From Library Journal
Since its mid-Sixties death, the Herald Tribune has grown in legend as the newspaperman's newspaper. This lovingly detailed valentine to its memory is written by a former reporter for the paper, who says that every time a newspaper dies, "the country moves a little closer to authoritarianism . . . and when a great one goes, . . .history is denied a devoted witness." A typical journalism history of a single paper, however good, doesn't quite make that point. Kluger's Simple Justice (1976) , which chronicled the judicial drive to end segregated public schools, grew in stature as the detail accrued; here the detail simply buries the import of the story. Still, while this may not be the grand social commentary Kluger would have liked, it is a splendidly told story of a newspaper. Dan Levinson, English & History Depts., Thayer Acad., Braintree, Mass.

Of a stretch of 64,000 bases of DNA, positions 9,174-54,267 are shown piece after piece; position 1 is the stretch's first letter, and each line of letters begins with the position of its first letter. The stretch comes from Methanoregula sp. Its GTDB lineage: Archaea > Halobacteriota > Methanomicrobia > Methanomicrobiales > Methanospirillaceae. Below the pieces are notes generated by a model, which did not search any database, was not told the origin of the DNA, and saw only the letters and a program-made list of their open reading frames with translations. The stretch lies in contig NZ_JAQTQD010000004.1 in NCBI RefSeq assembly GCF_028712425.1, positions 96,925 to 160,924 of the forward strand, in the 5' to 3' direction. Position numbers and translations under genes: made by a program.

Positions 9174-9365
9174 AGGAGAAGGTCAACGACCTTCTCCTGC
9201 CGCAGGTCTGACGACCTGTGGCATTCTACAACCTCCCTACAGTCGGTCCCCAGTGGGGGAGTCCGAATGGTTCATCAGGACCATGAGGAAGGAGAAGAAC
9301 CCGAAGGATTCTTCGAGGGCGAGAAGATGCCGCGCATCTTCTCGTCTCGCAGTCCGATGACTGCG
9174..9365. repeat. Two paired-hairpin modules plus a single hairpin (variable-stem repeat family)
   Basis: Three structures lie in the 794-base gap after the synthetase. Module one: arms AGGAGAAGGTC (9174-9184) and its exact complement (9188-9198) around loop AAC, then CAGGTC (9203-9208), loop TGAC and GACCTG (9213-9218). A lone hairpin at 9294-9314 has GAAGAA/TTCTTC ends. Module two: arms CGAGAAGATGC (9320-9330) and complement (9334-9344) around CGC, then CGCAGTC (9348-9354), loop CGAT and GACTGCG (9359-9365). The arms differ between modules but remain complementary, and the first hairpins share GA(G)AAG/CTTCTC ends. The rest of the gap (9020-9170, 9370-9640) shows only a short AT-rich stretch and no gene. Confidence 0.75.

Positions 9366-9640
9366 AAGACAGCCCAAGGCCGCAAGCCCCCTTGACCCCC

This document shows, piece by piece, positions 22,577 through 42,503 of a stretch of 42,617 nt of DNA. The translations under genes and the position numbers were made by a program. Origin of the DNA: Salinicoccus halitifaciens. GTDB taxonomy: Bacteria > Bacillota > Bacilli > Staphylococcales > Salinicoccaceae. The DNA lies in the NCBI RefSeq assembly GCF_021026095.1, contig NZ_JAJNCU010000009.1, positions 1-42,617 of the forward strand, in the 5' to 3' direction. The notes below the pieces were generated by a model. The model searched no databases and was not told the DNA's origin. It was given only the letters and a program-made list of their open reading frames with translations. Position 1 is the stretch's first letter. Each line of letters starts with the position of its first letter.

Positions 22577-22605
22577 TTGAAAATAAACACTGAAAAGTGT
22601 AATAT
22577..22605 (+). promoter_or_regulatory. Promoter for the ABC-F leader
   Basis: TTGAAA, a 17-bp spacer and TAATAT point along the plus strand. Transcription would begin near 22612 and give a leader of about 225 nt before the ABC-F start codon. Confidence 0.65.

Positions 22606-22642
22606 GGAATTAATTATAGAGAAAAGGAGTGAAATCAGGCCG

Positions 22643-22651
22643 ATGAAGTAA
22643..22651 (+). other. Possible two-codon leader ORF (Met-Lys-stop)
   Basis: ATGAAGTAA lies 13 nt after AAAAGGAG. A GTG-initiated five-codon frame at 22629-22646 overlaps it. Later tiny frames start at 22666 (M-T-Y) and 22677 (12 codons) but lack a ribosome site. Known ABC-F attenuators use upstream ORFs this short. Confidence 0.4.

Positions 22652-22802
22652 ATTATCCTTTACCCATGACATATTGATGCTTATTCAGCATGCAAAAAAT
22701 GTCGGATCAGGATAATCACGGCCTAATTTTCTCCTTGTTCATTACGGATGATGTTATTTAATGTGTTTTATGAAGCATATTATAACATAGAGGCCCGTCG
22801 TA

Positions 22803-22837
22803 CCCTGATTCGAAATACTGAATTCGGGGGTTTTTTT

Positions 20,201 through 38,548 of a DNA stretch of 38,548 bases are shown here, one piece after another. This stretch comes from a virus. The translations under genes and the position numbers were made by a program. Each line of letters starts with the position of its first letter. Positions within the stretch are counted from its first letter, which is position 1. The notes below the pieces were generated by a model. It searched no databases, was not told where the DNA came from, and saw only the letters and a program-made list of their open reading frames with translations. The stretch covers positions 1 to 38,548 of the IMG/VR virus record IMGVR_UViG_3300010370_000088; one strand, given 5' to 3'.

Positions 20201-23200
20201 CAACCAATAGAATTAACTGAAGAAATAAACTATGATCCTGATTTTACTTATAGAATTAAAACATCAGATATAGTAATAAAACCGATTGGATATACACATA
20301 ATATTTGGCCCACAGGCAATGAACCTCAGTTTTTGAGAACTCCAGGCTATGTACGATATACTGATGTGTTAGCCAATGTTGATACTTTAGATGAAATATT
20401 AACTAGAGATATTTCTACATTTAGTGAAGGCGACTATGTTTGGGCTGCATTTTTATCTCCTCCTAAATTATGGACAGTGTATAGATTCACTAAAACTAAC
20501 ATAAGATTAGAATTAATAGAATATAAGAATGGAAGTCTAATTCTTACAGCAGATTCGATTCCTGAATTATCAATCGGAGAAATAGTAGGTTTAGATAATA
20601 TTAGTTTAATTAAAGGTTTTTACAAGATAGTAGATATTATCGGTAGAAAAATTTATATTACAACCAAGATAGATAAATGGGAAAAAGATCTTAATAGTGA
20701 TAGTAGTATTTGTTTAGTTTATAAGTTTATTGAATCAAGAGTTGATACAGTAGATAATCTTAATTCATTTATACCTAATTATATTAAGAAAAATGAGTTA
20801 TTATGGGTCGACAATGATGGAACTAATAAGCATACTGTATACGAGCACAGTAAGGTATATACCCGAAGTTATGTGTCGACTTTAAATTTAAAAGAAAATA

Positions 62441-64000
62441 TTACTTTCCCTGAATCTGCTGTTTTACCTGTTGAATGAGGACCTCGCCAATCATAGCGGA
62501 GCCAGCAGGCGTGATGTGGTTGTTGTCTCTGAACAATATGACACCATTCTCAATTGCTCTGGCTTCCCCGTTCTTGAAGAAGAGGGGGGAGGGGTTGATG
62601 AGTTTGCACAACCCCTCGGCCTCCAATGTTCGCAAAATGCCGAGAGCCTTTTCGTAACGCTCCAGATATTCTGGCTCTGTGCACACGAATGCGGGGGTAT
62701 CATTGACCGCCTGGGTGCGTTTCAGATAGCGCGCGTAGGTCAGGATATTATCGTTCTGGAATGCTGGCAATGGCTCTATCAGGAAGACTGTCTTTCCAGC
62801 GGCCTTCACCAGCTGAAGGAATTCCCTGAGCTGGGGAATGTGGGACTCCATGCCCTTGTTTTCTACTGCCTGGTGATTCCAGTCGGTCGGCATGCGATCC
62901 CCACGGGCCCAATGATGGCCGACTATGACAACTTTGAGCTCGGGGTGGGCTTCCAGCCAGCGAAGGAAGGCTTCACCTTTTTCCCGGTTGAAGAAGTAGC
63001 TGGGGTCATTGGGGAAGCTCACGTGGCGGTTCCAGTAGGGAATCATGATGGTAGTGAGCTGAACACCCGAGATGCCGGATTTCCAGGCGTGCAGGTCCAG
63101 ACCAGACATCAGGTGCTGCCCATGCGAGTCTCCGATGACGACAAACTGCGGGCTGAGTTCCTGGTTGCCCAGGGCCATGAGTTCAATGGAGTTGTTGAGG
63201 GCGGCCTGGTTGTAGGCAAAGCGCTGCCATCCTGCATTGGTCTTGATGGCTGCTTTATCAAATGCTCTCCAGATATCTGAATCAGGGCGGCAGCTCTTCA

Copyright 1986 Reed Business Information, Inc.
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